Is Contactless Lending the New Norm?
April 8, 2020
For home buyers or homeowners still needing to close on a loan, real estate pros can offer them some extra assurance: Mortgages are now being processed without any physical contact. That means consumers can still take advantage of the lowest mortgage rates in history without fears of breaking social distancing rules during the COVID-19 pandemic. Details of this trend were presented at a Virtual Education Expo training session sponsored by Coldwell Banker on Tuesday.
“With mortgage rates at historical lows, consumers can save money on the purchase of a home or they can refinance to put more money in their pockets, possibly when they need it most,” said Tim Foley, executive vice president of operations for Coldwell Banker, during the session on mortgages. “The ability to refinance and complete a purchase with a mortgage with no human contact may soothe some fears.”
“It’s a game changer and the new norm,” added session speaker Victor Ciardelli, president and CEO of Guaranteed Rate Affinity. “You can walk through the process in a new way.” Most lenders have moved to digital or hybrid models, including virtual appraisals to complete transactions.
Mortgage Savings Are Multiplying
The purchasing power could be great, too, with low mortgage rates that could result in hundreds or possibly thousands in savings annually. The 30-year fixed-rate mortgage is at 3.5% compared to 3.65% last week, Ciardelli says. That is much lower than a year ago, when it averaged 4.28%, as well as the long-term average of 7.98%.
The brokerage Redfin studied the purchasing power across the country from mortgage rates compared to March 2019 (an average of 4.41%) to March 2020 (an average of 3.2% the first week of March). The study found that lower rates can make more expensive homes available at a much lower monthly payment. For example, at a 3.2% mortgage rate, a home buyer with a $2,500 monthly mortgage budget could afford to purchase a home priced $51,250 higher than a year earlier when rates were at 4.4%, according to Redfin’s analysis. Further, they found that the monthly payment on a $457,000 home has dropped from $2,500 a year ago. A homeowner who could afford a $457,000 home in March of 2019 likely could afford one at $508,250 in March, given the lower rates.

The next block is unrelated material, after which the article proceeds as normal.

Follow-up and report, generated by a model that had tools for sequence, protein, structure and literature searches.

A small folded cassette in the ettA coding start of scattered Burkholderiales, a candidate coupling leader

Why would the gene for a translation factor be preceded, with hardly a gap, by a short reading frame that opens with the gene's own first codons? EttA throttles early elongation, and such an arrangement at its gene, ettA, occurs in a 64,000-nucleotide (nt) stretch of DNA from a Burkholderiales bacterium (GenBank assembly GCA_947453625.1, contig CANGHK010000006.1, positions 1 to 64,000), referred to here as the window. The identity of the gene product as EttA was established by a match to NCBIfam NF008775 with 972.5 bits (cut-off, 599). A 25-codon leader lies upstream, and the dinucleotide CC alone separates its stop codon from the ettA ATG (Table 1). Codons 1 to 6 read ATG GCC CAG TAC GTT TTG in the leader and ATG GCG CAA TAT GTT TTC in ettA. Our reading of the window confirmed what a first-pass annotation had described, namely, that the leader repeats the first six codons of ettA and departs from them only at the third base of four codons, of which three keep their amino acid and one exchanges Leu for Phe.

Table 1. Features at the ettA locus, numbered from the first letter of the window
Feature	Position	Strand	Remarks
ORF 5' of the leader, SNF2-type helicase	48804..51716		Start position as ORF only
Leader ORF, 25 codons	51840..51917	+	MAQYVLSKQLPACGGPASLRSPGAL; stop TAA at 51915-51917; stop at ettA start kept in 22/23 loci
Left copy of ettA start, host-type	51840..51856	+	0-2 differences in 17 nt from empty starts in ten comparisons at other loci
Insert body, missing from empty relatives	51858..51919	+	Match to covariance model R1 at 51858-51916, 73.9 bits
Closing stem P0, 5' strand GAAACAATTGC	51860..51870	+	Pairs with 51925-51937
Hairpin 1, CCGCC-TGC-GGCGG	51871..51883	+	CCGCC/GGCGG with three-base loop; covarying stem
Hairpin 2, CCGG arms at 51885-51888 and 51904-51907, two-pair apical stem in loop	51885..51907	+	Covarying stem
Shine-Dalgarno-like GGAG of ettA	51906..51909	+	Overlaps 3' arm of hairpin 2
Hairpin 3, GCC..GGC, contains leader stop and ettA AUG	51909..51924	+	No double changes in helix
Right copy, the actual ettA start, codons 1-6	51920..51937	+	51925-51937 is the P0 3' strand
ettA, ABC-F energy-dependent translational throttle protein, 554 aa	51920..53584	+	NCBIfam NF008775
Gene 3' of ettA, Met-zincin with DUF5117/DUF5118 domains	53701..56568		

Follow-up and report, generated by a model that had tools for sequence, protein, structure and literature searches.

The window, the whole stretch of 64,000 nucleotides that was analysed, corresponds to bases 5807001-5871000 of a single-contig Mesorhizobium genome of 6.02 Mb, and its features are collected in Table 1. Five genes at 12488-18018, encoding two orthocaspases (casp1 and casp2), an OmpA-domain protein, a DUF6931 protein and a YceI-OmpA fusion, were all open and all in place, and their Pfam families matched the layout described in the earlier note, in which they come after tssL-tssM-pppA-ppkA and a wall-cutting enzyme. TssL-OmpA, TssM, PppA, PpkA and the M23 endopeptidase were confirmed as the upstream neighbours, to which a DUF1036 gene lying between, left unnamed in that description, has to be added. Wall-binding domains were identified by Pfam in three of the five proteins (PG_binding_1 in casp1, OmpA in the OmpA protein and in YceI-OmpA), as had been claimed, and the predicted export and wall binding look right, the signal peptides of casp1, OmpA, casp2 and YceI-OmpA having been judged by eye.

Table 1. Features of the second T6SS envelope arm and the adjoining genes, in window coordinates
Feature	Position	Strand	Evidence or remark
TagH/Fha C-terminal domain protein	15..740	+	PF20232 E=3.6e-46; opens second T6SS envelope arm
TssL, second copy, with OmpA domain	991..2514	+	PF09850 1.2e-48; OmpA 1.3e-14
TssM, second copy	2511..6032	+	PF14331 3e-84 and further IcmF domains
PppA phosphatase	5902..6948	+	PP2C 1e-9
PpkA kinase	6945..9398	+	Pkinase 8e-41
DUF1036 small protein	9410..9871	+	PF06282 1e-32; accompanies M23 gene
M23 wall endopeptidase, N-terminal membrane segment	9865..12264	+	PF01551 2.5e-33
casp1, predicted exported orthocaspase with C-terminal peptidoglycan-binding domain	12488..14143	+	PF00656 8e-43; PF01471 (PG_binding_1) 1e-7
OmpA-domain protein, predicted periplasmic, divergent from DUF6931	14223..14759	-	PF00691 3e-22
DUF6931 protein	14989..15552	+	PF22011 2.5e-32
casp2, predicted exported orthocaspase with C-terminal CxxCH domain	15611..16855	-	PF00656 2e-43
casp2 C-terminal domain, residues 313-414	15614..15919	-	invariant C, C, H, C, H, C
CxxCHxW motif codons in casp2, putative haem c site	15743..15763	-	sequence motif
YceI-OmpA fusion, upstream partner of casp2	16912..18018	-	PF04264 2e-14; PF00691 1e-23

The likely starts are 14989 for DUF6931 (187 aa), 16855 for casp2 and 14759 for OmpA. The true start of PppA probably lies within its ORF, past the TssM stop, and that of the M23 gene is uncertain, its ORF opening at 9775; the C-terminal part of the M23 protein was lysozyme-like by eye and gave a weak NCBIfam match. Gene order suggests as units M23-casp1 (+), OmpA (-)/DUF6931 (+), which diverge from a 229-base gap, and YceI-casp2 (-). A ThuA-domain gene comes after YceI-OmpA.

Ciardelli said that technology is being rapidly embraced by lenders to process loans for purchase and refinancings, from running credit reports instantly online and leveraging automated Fannie Mae and Freddie underwriting tools for approvals. Disclosures can be signed electronically, and third-party tools are being used for validation of income and assets.
Appraisals are occurring using contactless techniques as well, using a variety of methods like desktop appraisals (using images of homes digitally on record for eligible purchase transactions), virtual appraisals, or even appraisal waivers in some cases. For example, some homeowners may be asked to connect with an appraiser on a webcam-enabled session such as via Skype, FaceTime, WhatsApp, Zoom, or another tool. Or homeowners may be asked to take photos of the home and send them digitally to the appraiser. Some appraisers may even go to the home’s doorstep, offering a sanitary-wiped digital camera to the owner to take photos, while the appraiser does the valuation on the exterior and allows the homeowner to send them the interior pictures for their valuations.
Closings are proceeding, too. Several states permit completely digital closings, including accepting electronic notarizations. In other places, lenders and title companies are adopting other methods, such as signing documents through windows or drive-thru-like set ups. Hybrid closing where a notary could show up to the house with the few documents, hand them to borrowers from the doorstep, back up 20 feet, and ask owners to use their own pen to sign.
“Understand the ‘new norm’ and that even with the incredible amount of volume that is coming in and everyone working remotely, we are able to get loans through the system as seamlessly as possible,” Ciardelli said.
This Isn’t 2009
Ciardelli also said his mortgage company is not fearful of another financial crisis of 2009 striking the housing market and resulting in a foreclosure surge. Borrowing standards are tighter, no-documentation loans have vanished, and credit profiles of borrowers are stronger to weather a temporary dip in the market. The rush to offer forbearance and deferment options to struggling homeowners whose work has been affected by the pandemic will prevent any drive up in foreclosures and defaults, as well as protect home values, Ciardelli said during the session.
Instead, Ciardelli said he’s optimistic of pent-up demand for the housing market after the outbreak subsides. Millions are unemployed due to stay-at-home or shelter-in-place orders and will likely return once cities open back up.
“We went into this with a very stable market and an economy that was roaring and unemployment at historic lows,” Ciardelli said. “When you have shelter-in-place restrictions, businesses are unable to operate and, of course, more people will be unemployed. … We’re hopeful social distancing works in the near future … and then we can see a historic number of people going back to work. Until then, we have the ability for people to look at homes virtually with agents and keep the ball moving during this time. … I think the housing market will be on fire” when the pandemic is over.
Updated: August 13, 2020